After their raw and exciting self-titled debut Santana, and the successful follow-up Abraxas, Santana decided to go dark and mysterious with their near perfect third album titled, well, Santana III. The cover art, which I just can’t seem to get enough of, does as good a job as any of describing the music within as it reaches higher into rock cosmos than any of their previous efforts.
It’s hard for me to imagine what fans must have thought when this hit the scene back in 1971. Right out of the gate the band hits a confident stride that doesn’t let-up as they deliver a writhing, swirling, near rock nirvana of an album. Of course, just about every album released by major acts in ’71 was near rock nirvana as well. Zeppelin IV, Sticky Fingers, Who’s Next…it was quite a year. And yet Santana were right there with the best of them, bringing their very particular type of heavy but danceable Latin rock.
“Batuka” starts out with subtle stereo percussion that quickly turns deadly with a heavy funk swagger that just screams from the speakers. Special mention needs to be made here of the sound, which is absolutely impeccable. The depth of the recording is truly splendid and the percussion, drums, organ, and Carlos’ sinuous guitar all meld together and make something truly remarkable.
“No One To Depend On” slinks by with a late night burn, the funky mid-section featuring the band deep in the cut. “Taboo” finds the band in psychedelic lounge mode with some excellent organ work and vocals from Greg Rolie. The track is dark and sweet, the sound dense and heavy.
“Toussaint L’Overture” ushers in the end of side one (you know…on a record) and the band goes out in Latin rock glory. Seriously, I have heard a lot of Santana jams over the years but nothing prepared me for this. Those drums rumble in like a coming storm and the band hits hard and heavy, the gleaming sound of the production bringing the instruments ever closer to complete meltdown.
Greg Rolie burns down the house with his Hammond B3 as Carlos builds layer after layer of his melodic, burning leads. Newcomer Neal Schon lends a hand to the jam on second guitar, and the three players trade solos towards the end in a stunning display of bravado. When Carlos comes back in with his almost romantic lead after the percussion mid section…let’s just say you should turn off all the lights, sit back, and let it all sink in.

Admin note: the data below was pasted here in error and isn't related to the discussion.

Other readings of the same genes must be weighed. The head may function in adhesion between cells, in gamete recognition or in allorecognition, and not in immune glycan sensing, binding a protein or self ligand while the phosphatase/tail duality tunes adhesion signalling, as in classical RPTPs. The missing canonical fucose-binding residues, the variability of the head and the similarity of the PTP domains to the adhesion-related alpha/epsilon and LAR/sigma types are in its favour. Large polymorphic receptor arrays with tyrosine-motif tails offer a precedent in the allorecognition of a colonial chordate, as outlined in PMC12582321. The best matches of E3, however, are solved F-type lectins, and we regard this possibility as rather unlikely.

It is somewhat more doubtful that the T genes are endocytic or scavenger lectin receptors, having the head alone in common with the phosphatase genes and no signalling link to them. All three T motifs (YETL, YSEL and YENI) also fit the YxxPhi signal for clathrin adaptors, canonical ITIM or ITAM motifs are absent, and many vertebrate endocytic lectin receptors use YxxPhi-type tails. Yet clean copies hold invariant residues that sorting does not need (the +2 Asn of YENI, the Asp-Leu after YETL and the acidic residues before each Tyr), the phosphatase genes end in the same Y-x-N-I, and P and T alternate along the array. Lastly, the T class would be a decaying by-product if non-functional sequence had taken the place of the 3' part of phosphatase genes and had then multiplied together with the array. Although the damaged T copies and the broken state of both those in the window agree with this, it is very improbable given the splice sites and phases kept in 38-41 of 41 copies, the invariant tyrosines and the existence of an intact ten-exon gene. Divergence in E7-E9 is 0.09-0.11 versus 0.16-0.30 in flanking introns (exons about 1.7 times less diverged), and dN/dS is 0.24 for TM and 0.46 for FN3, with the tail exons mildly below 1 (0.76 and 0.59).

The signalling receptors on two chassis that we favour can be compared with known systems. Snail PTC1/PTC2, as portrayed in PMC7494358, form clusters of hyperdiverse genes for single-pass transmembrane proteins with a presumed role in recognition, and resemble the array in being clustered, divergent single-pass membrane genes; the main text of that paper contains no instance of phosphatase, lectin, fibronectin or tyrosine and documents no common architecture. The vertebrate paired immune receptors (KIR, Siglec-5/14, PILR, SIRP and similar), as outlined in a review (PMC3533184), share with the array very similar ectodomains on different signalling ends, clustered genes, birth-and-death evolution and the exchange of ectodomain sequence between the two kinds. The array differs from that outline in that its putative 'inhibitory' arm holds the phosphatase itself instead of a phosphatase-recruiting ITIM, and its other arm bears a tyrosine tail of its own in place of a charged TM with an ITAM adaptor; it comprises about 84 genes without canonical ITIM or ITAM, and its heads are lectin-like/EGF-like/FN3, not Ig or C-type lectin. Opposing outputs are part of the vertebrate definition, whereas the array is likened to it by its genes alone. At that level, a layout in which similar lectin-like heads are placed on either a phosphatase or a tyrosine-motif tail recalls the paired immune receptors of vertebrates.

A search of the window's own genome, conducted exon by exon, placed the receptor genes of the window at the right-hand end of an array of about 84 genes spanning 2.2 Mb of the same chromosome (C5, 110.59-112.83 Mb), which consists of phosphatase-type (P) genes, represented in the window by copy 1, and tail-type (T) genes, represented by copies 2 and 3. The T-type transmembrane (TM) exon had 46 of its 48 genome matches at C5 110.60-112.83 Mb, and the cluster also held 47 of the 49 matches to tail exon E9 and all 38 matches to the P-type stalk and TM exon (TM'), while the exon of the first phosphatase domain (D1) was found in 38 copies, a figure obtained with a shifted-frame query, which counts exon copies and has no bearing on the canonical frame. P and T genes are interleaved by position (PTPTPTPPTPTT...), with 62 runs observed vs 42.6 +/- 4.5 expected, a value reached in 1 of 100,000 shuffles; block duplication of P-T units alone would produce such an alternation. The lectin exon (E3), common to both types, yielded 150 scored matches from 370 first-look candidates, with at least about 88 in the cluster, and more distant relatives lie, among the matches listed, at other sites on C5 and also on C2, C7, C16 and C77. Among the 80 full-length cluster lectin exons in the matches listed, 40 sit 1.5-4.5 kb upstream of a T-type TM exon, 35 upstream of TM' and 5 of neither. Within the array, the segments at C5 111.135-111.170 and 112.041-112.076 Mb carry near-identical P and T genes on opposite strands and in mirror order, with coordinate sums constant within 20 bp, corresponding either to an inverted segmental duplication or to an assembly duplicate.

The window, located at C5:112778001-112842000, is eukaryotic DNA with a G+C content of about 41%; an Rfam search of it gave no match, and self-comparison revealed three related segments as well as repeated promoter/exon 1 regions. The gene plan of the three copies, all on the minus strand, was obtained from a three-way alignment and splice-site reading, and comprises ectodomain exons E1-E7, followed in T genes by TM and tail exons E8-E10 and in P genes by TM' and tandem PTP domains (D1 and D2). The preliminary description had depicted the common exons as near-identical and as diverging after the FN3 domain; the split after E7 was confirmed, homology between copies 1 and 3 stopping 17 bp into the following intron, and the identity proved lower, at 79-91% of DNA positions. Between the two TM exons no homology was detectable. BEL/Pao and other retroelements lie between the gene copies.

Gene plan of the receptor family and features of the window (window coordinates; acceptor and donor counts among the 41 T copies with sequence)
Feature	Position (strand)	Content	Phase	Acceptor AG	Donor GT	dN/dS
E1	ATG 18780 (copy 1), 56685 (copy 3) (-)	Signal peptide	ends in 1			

“Guajira” is almost pure Latin jazz in its execution and seems to foreshadow Santana’s further development of jazz-rock as the years went on. The band plays beautifully here and provides a prime example of the dynamic wonder that made Santana such an incredible and vastly different band. Carlos’ solo here is wonderfully played, deep in the cut, and amazingly fluid.
“Jungle Strut” follows, its duel guitars sounding somewhat like the Allman Brothers if they moved down to Tijuana. This is quickly followed by Carlos’ own “Everything’s Coming Our Way,” and a fiery reading of Tito Puente’s “Para Los Rumberos.”
The 2006 Legacy Edition includes several bonus tracks from the recording sessions and only add to the overall enjoyment of the album. “Gumbo” smokes with exotic riffery and hot burning solos from Santana, Rolie, and Schon, while the rest of the band cooks up a boiling rhythm section.
“Folsom Street One” shows the deeper, more hypnotic side that this era of Santana was capable of – for more than seven minutes the band lays back and just lets the jam ride. Carlos sounds especially nice in his warped, distorted solo, aided by rolling percussion and some wonderfully played flute. Shame this didn’t make the original album as it is really something special.